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Trauma and the passing of time

Contains Descriptions Of :

  • Reminders of fathers murder

25 Years And Counting.


On the 25th January each year we celebrate Burns Night where tradition has it that we celebrate the life of the bard Robert Burns by eating haggis, having a dram and reciting his poetry. 

For me it’s the anniversary of my fathers Murder. 

My father was brutally beaten to death in his Council flat in the Gorbals in Glasgow on the 25th January 1996, 25 years ago today. 

I don’t celebrate Burns night, in fact when I begin to see the Haggis adverts on tv or the tartan bunting in the supermarkets I know the dreaded day is coming.


The murder of my father, even 25 years later is still traumatic on many levels. On the days leading up to the anniversary, while others may be making plans I’m trying to recall the I last saw my father. On the 25th, I’m consumed by the events of that day like it’s the worst version of the movie Groundhog Day.

In that movie Bill Murray tries to perfect each day to gain what he’s looking for, unfortunately due to my trauma I’ve never mastered that possibility even though I’ve had 25 opportunities. Trauma isn’t like that for me. 

After the 25th of each year I try and recall the dates of the subsequent events, the police questioning, the capture of the murderer, the date of the funeral, the court date, the name of the murderers, what  his sentence was and when he was released. The reality is I can’t remember most of those details because trauma has robbed me of these memories except the ones that hurt the most. 

We all have anniversaries of things that happen to us, both positive and negative, and most people can process them accordingly but trauma survivors often process these events differently. For those who have experienced their trauma anniversary on a  day such as Burns Day, Valentine’s Day, Christmas Day etc you are reminded each year via tv, in supermarkets or generally from the way that society treats these events. All trauma however is real and alive long before the date due to other visual reminders and triggers.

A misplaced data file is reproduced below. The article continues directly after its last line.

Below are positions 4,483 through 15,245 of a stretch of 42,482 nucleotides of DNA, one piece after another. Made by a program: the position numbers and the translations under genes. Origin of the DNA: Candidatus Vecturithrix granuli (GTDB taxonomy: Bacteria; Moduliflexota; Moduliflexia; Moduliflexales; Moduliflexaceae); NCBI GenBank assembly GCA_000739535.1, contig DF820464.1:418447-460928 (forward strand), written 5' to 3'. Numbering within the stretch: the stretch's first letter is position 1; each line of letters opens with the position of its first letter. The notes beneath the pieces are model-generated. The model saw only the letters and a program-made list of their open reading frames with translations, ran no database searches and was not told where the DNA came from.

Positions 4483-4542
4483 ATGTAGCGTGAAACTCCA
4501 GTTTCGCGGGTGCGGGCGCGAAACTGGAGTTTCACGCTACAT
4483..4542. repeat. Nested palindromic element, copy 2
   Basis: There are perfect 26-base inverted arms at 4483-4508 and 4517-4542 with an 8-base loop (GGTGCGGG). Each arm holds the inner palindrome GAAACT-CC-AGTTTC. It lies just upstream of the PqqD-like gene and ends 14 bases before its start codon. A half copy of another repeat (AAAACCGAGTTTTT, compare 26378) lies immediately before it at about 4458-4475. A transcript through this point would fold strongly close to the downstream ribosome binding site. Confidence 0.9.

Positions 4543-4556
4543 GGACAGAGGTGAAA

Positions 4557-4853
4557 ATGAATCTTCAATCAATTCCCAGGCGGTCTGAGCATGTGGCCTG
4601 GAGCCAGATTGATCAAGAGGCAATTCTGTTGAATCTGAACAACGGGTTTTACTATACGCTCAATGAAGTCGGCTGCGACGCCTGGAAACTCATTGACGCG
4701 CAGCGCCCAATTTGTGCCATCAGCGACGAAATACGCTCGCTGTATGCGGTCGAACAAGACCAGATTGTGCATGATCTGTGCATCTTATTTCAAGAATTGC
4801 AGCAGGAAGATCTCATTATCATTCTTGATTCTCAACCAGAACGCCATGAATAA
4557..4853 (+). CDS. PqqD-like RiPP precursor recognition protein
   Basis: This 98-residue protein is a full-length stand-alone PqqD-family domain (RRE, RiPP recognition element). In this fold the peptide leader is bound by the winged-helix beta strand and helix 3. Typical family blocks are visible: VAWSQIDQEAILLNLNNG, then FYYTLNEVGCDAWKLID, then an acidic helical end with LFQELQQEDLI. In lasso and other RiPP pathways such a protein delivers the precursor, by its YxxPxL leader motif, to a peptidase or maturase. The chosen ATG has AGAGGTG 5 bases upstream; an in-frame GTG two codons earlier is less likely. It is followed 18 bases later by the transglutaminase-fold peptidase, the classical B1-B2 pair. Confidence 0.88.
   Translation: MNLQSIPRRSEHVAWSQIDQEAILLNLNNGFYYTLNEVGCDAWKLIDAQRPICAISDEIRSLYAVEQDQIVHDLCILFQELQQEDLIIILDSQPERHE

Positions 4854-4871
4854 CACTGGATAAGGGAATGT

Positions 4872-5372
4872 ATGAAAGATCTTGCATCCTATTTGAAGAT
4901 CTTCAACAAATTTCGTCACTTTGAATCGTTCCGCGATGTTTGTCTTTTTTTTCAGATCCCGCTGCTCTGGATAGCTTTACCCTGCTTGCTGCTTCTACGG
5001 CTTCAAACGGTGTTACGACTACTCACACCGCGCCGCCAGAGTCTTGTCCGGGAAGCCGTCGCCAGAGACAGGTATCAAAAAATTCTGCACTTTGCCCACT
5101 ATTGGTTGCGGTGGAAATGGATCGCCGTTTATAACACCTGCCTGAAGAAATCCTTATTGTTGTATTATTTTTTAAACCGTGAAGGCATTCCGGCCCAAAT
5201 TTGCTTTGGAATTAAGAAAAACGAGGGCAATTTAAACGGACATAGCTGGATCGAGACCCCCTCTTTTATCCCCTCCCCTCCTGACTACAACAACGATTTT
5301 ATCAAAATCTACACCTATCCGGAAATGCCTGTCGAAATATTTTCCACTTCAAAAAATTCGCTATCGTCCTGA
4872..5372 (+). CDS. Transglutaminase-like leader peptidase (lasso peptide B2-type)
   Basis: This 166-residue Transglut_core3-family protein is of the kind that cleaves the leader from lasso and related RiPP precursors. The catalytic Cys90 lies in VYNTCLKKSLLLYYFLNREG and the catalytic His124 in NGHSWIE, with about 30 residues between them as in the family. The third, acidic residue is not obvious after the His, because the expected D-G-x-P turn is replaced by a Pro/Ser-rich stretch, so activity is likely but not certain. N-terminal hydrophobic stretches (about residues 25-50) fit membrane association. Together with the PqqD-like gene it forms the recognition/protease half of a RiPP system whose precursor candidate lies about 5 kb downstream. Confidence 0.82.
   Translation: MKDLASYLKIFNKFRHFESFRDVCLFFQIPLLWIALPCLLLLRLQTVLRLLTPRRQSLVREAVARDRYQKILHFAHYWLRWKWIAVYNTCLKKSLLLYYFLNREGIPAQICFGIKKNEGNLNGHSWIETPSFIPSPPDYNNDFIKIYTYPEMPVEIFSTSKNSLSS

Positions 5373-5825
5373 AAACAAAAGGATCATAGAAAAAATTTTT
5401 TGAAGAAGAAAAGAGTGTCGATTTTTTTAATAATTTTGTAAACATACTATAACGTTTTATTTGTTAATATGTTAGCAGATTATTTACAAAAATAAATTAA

So, does time heal trauma?


For me no. Time for me leads to confusion, leads to more memory loss which in turn leads to sadness and frustration and a re-living of events each year. 

On a day where Burns is celebrated all over the world it is his iconic ‘Auld Lang Syne’ which springs to mind with the lines: 

'Should auld acquaintance be forgot,
and never brought to mind? 
Should auld acquaintance be forgot, 
and auld lang syne? '

The interpretation of this clearly is that we should never forget others and remember them for ‘Old Time Sake’ the irony of this poem on this day  isn’t lost on me. 

The lesson for me now is to accept the memories I have and not to be persecuted by the trauma memories. It’s been a 25 year life lesson and one which I have to revise for every 25th January and one which I assume will continue each year for the rest of my life. 

I miss my father, I wish I could ask his advice on many many things but I can’t. My 4 year old son has a grandfather that he’ll never meet, nor will my father meet him. I think I see my father in my son and it comforts me. So folks cherish your loved ones, live in the moment with them and make sure you create positive memories that last a lifetime. 

And as for trauma, I’m not a victim I’m a survivor, life can be good if you believe it can, anything is possible when you believe. 

This blog was written by Michael Byrne who is one of our charities trustees. Click here to read more about him. 

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